Leveling the playing field for Minnesota-based professional advisers

Jun. 13, 2017  |  Geno Fragnito

If you have clients in other states, you’ve likely heard their concerns about having a Minnesota-based professional adviser. They were probably worried about the potential for that business relationship to be used against them in an audit by the Minnesota Department of Revenue (DOR). Your clients may have also told you that professional advisers in other states were recommending your clients sever ties with you.

This problem was caused by DOR administrative rules written in the mid-1980s and used in two 2013 Minnesota Supreme Court decisions. These cases cited the location of a taxpayer’s professional advisers as one of the factors used to determine whether the taxpayer was domiciled in Minnesota. The rules had not kept up with the times and, as a result, Minnesota businesses were at a competitive disadvantage with similar businesses in other states for many years.

Change at the State Capitol is often a long, slow and arduous process -- but the results can be rewarding. You will be happy to learn that after four years of countless meetings, persistent MNCPA advocacy and thousands of steps tracked on my Fitbit at the Capitol, this problem was corrected this year.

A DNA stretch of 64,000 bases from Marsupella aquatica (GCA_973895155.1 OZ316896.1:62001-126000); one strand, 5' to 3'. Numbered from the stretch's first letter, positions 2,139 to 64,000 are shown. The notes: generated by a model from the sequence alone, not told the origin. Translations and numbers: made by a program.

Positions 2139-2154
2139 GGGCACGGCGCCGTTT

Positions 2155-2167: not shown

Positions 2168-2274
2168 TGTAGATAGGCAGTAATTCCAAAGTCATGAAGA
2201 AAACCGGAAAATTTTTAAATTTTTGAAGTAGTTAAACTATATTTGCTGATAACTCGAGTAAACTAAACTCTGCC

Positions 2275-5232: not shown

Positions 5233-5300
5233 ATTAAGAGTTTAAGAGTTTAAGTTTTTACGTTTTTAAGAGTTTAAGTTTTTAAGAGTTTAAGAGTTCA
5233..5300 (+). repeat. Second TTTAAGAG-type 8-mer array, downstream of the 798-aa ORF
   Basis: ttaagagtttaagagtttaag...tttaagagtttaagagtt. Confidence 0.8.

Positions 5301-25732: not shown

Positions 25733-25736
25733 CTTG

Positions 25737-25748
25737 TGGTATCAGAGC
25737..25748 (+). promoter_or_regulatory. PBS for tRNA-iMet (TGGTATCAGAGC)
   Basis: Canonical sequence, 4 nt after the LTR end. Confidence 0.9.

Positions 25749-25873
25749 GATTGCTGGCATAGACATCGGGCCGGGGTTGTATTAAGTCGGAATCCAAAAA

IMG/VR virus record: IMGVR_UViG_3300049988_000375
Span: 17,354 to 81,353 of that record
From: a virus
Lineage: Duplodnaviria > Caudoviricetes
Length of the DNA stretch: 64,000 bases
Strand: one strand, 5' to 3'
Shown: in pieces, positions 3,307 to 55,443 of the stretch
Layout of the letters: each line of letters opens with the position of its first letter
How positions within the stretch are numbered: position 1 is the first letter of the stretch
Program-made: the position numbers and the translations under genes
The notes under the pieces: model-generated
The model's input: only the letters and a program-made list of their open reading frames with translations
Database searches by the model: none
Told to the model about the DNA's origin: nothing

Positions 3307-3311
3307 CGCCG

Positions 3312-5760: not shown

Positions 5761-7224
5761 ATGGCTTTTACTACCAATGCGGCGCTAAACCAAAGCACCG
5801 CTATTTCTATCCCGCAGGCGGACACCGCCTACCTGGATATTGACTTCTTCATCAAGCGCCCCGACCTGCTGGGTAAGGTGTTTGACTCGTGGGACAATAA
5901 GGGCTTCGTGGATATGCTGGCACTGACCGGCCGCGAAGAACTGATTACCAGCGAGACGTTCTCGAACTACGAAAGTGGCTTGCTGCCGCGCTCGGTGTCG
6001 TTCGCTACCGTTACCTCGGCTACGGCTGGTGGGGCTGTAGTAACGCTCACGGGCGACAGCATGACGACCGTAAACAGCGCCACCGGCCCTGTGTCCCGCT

The 2017 tax bill, which was recently signed into law by Gov. Mark Dayton, contained language making changes beneficial to Minnesota-based financial advisers with clients whose residence is in another state.

Beginning Jan. 1, 2017, both the DOR and Minnesota courts are prohibited from using the location of an individual’s CPA, attorney or financial adviser when determining if that individual is domiciled in Minnesota. The new law also prohibits using the location of a financial institution in determining domicile in Minnesota.  

Sometimes, government regulations don’t keep pace with the rapid rate of continuous change. This can result in antiquated rules applied to situations never envisioned, resulting in a “square peg in a round hole” application of that regulation.

That’s why you should speak up if you face a situation where a government regulation doesn’t apply to today’s world. Changing the residency rules took four years, but other changes can happen faster.

Thank you to MNCPA members who shared personal stories, contacted individual legislators or testified at the Capitol in support of these changes.

Topics: Legislative, Tax

Geno Fragnito

Geno Fragnito is the MNCPA’s government relations director, advocating on behalf of the CPA profession. His days consist of last-minute meeting changes, building relationships with lawmakers, helping CPAs navigate state government, and putting in more than 15,000 steps per day walking the halls of the Capitol. Geno unwinds with a little golf and traveling with his family. If he weren’t a lobbyist, Geno would perfect his cast and be a professional fisherman. Geno can be reached at 952-885-5550 or

Posts by this author


Sarah Linder commented on Jun. 27, 2017:
Nice work, thanks!

Comment on this post

* Indicates a required field.

Your name*:  

Your website URL: